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Marlene Merrill is nearly four years into studying, proposing and determining ways to steer the Lawrence school district through curriculum implementations, school reconfigurations, bond issue expenditures, budget-cutting moves and school-closing deliberations.
And she wants to go back for more.
“I am volunteering my expertise,” said Merrill, a member of the Lawrence school board since 2007. “I know a lot about education; I think I provide that aspect to board decisions. I want Lawrence schools to be the very best schools we can have and, in many ways, Lawrence schools are excellent.
“But part of the reason I’m running is to complete the work we’ve started.”
Merrill is a retired teacher, school psychologist, special education director and director of assessments and grants. She is among nine people campaigning for four available seats on the board. The election is April 5.
While three of her board colleagues will step aside voluntarily when their terms expire in June, Merrill is asking voters for an extension. And she knows there are plenty of issues to grab their attention.
Among the plans Merrill has for a second term:
- Implement a plan for elementary education. “Whether that means consolidating buildings, building new buildings or designating some buildings for special programs, we need to have movement in that direction,” she said. “We’ve gotten some excellent groundwork from the (Lawrence Elementary School Facility Vision) Task Force. My goal is to complete that picture.” Task force members met for eight months before recommending that the board close Wakarusa Valley School next year and then pursue consolidating six schools — Cordley, Hillcrest, Kennedy, New York, Pinckney and Sunset Hill — into three or four schools within three to five years, using financing sought from a yet-to-be-determined bond issue.
- Implement full-day kindergarten in all elementary schools. Such programming now is available in eight of the district’s 15 elementary schools. “I want to see it in every building, for all of our kids,” she said. “The research is very clear: It substantially aids a student’s growth, increases their vocabulary, increases their interest in learning and makes them successful learners. It helps them. It’s money well spent.”
- Find money for such initiatives. Merrill understands that the district faces starting the next academic year with $3 million less than it had to start 2010-11. That said, she is willing to look into closing or consolidating schools, or increasing class sizes, to free up money for high-priority needs. “We’ve cut counseling,” she said. “We’ve cut our prevention workers, the WRAP program, all these things are gone. We cut nurses a little bit last year. We cut all the learning coaches. … We cut para(professional)s last year, too. There are really not many places that are left in the budget that we can pull money from, and still be able to successfully educate kids. “So that only leaves a couple of places: closing schools, or increasing the number of students in every classroom — or both. But if we tackle that wisely, and close the schools that are part of a comprehensive plan, I think we will provide some opportunities.”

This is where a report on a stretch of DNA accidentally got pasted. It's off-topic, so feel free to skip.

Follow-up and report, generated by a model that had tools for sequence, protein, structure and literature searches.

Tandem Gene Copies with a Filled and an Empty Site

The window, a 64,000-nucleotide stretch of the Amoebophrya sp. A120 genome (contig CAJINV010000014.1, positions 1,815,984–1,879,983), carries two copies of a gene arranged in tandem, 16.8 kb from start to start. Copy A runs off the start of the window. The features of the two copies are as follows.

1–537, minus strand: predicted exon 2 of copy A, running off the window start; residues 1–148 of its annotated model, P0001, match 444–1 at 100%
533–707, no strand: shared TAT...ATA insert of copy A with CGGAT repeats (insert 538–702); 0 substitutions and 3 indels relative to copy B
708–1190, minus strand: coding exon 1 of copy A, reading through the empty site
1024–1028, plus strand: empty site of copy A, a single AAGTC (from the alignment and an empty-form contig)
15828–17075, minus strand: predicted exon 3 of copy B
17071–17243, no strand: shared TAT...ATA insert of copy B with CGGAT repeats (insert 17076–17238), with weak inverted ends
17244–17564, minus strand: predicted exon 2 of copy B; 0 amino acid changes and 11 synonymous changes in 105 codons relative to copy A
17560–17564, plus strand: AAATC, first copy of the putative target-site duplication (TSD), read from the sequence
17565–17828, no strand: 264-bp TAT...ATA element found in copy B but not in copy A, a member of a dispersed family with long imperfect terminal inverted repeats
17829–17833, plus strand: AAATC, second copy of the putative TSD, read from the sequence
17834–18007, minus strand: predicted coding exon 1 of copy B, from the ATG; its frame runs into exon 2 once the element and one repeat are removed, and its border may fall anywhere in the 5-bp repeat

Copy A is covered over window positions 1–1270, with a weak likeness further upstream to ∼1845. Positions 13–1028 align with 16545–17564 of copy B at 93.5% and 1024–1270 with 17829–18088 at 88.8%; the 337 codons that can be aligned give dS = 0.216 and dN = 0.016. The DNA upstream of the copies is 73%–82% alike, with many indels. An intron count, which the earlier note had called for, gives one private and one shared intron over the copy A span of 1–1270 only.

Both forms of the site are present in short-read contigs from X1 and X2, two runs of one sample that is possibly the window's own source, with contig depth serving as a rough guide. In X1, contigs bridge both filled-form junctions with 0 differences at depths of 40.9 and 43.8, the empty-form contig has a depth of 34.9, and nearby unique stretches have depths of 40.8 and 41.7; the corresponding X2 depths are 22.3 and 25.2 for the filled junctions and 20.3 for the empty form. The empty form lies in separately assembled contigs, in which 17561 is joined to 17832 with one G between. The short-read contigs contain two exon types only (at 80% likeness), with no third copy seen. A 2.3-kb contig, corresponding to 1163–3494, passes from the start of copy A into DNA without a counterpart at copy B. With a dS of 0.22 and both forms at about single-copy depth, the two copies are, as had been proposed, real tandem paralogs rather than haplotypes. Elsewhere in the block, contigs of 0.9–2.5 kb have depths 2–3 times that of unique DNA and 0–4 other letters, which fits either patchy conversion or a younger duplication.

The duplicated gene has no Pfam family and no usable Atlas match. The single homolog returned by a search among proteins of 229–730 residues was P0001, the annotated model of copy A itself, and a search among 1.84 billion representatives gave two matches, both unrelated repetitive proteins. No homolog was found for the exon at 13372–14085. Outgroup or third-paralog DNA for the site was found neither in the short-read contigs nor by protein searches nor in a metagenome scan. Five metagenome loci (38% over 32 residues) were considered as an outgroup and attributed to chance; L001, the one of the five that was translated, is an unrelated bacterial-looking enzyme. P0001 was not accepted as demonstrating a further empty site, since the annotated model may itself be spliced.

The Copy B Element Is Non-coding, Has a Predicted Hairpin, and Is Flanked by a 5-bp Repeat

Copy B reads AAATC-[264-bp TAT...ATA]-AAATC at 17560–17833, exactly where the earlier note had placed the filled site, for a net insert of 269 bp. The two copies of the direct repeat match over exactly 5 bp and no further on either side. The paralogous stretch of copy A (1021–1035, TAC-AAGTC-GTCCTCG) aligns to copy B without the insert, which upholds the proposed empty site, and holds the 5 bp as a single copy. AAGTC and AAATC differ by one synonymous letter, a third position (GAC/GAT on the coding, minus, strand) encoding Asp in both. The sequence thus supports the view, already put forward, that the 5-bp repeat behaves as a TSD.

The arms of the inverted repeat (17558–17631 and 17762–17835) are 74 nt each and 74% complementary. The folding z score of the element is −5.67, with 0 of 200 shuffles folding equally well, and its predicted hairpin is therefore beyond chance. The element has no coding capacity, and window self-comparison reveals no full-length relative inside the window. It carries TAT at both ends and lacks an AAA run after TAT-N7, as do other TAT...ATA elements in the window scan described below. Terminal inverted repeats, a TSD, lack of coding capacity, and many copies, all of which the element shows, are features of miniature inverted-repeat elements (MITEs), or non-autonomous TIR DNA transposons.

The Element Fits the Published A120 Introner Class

- Continue programs and initiatives to “close the achievement gap” in schools. Minority students and other “at-risk” students who tend to lag behind others in terms of academic achievement are being helped by a variety of efforts, she said, including the Courageous Conversations program that helps address race issues in schools. That program needs to continue, and the board needs to work on ways to boost professional development for teachers to help focus on closing the gap.
- Propose a bond issue. All elementary schools need physical upgrades and other renovations, she said, and such a program needs to be developed along with a plan to consolidate schools so that efficiency is improved while enhancing programming. The plan should be built using the task force’s foundation, she said, and formed with guidance from principals, teachers, parents and others focused on the welfare of students. “We need to do it from the ground up, and do it by generating the common interest to consolidate,” Merrill said. “I would hope we can be persuasive: It’s easier to give up the old if you feel positive about what the future would be. “I’m not saying it would be easy, but it would be a mistake to just make an autocratic decision.”
Merrill earned a bachelor’s degree in education in 1962 from Purdue University, after graduating third in her class of 340 at Bishop Noll High School in Hammond, Ind.
She earned two master’s degrees — in American history, from Purdue, and in school psychology, from Illinois State University — before receiving a doctorate in school psychology, with an emphasis in school administration, from Kansas University in 1981.
She spent 13 years as a school psychologist and about 20 years as an administrator, including a stint as director for assessments and grants in the Lawrence district. She retired in 2008, after performing educational research for the Kansas City, Kan., school district.